In addition to the tsunami relief, the F.P. Journe Monopusher Split-Seconds Chronograph with his first split-seconds movement fetched a whopping CHF 1,150,000 at the 2017 Only Watch auction, in aid of the non-profit AMM – Monaco Association against Muscular Dystrophy. From the very beginning, 30% of the profits from all Centigraphe watches have been donated to yet another cause –- the ICM Brain and Spinal Cord Institute in Paris. In addition, the Young Talent Competition that he began in 2015 with the AHCI awards a diploma to the best young watchmaker together with a CHF 3,000 grant to buy tools. In collaboration with the Fondation de la Haute Horlogerie in 2018, the winner is also given free access to FHH certification. So what advice would he give to a young watchmaker? “You have to hang on, resist, be determined,” he says, “as I had to do (smiling). It shouldn’t be too easy; don’t accept too much help, so that you can develop your own free will.”
The future and Chanel
Monsieur Journe looks to the future. At midnight on December 31st 2018, the brand stopped taking orders for the most complicated piece he has ever made: the Sonnerie Souveraine, “with 912 hammer strikes every day, or 34,053 triggerings per year. I’ve made 50 of them, but we have to move on to other things, and with production of only 900 watches per year, we can’t do everything.” He’s currently working on an “astronomical watch” for the 2019 edition of Only Watch which, he says “isn’t a Planetarium, but a watch for astronomers, with sky measurements, equation of time, etc. A watch such as this takes between three and four years to make.” The new Centigraphe Sport 2, recently presented with a yellow dial in the lineSport collection, will be available in gold or platinum with gold or platinum bracelets respectively. And of course other lines will be developed, too.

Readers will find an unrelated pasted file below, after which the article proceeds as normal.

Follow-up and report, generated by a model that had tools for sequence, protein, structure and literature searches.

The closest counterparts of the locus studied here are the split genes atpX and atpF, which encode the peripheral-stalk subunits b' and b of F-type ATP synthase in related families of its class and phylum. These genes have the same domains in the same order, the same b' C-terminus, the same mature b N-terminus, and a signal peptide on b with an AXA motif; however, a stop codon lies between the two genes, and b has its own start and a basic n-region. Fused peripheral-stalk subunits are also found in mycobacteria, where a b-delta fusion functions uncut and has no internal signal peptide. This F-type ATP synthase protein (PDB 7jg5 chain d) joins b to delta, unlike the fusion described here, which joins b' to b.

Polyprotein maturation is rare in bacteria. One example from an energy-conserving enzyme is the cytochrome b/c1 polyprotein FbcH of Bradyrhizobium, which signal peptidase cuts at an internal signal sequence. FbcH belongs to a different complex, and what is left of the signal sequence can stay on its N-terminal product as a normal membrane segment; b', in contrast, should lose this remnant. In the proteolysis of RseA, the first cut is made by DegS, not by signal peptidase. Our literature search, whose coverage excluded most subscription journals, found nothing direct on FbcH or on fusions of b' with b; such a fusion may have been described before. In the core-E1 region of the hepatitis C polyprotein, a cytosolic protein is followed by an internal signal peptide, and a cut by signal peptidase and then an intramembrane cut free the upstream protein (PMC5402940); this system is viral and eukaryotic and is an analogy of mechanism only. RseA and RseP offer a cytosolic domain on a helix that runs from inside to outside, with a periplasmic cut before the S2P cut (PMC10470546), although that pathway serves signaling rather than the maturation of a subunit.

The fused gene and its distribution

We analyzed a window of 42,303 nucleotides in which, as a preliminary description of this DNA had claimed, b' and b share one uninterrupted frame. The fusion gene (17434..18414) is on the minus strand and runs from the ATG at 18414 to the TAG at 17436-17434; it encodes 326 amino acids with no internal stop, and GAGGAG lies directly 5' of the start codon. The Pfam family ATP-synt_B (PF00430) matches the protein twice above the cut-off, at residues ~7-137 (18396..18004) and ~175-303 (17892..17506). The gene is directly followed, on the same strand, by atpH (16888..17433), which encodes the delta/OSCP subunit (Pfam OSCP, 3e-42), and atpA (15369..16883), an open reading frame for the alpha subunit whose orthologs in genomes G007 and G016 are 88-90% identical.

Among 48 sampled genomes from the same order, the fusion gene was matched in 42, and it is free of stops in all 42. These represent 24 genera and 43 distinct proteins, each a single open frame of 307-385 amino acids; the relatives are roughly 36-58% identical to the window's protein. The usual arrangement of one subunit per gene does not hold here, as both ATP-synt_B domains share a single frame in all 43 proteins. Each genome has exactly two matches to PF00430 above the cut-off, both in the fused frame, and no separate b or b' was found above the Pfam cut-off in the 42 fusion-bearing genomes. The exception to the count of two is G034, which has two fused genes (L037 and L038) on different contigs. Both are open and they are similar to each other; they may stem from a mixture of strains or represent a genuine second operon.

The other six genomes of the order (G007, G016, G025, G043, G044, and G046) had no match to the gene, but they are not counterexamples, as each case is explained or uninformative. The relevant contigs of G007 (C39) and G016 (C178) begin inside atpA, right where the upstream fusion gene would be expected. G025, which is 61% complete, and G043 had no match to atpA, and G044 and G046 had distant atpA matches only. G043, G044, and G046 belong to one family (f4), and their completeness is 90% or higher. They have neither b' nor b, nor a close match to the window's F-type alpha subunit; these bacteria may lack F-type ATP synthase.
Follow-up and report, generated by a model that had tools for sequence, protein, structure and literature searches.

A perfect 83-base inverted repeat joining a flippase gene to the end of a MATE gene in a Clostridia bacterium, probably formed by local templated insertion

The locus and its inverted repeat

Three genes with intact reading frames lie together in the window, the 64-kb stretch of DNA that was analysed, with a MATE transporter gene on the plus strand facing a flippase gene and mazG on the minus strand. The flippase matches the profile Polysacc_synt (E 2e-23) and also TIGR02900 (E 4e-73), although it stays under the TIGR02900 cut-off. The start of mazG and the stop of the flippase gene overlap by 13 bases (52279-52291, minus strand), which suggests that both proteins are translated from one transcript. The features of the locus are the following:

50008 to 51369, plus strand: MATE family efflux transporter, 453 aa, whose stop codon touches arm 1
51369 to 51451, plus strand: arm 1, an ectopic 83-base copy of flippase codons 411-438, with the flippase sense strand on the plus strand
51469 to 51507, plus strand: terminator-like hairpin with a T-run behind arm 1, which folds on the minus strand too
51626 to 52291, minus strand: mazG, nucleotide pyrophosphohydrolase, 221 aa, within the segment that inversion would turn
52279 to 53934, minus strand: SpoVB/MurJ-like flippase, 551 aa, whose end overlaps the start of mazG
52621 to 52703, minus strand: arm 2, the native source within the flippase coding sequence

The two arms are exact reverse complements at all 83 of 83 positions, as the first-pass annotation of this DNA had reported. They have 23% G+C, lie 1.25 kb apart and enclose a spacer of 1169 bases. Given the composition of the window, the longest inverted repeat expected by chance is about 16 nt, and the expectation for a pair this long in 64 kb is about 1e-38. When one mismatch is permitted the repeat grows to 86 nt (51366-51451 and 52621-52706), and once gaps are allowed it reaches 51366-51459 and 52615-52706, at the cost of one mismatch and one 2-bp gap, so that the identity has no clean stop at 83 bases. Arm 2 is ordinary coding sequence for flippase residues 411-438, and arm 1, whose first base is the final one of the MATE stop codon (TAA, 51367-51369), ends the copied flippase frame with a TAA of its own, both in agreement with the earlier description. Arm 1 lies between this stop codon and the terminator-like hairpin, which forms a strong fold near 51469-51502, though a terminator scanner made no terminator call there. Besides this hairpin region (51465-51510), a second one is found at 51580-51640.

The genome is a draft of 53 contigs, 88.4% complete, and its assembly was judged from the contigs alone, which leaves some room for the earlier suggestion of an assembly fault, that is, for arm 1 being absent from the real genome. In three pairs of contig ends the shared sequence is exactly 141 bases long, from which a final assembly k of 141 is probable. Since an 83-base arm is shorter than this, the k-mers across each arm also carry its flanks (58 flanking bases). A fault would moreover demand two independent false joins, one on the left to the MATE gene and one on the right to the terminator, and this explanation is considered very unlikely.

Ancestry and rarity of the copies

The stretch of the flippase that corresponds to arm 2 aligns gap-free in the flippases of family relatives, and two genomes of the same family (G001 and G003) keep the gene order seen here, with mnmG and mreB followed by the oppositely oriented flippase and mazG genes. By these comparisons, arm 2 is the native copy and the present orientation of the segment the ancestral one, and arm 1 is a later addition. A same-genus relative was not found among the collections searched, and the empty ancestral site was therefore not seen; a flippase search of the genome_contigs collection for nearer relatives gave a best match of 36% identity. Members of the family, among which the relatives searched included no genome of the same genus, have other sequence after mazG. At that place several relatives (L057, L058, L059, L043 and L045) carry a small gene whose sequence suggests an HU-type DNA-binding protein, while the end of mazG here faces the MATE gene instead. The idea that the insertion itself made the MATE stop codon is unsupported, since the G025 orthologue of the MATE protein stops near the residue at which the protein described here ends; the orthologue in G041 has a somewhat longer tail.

Given his thirst for independence, the final question had to be about Chanel. Why did he allow Chanel to buy 20% of his company? The reply is quick and to the point. “Firstly, they are my friends; secondly, they love horology; thirdly, I wanted to close the doors to predators in the event I have an accident tomorrow. There are no particular problems, but you can never foresee an accident. The F.P. Journe door is now locked and bolted against the publicly-listed watch companies. That way, my children, who are not watchmakers – one is a historian and the youngest wants to play professional basketball – have all the time it takes to discuss with people who are not… who are nice. Of course I think about the future. Unfortunately, transitions exist, as with Cartier. I believe that when a brand is deeply rooted and strong, it generally continues. Brands that fail and fall often don’t have a good image to begin with. You need to work seriously to develop and keep a good image.”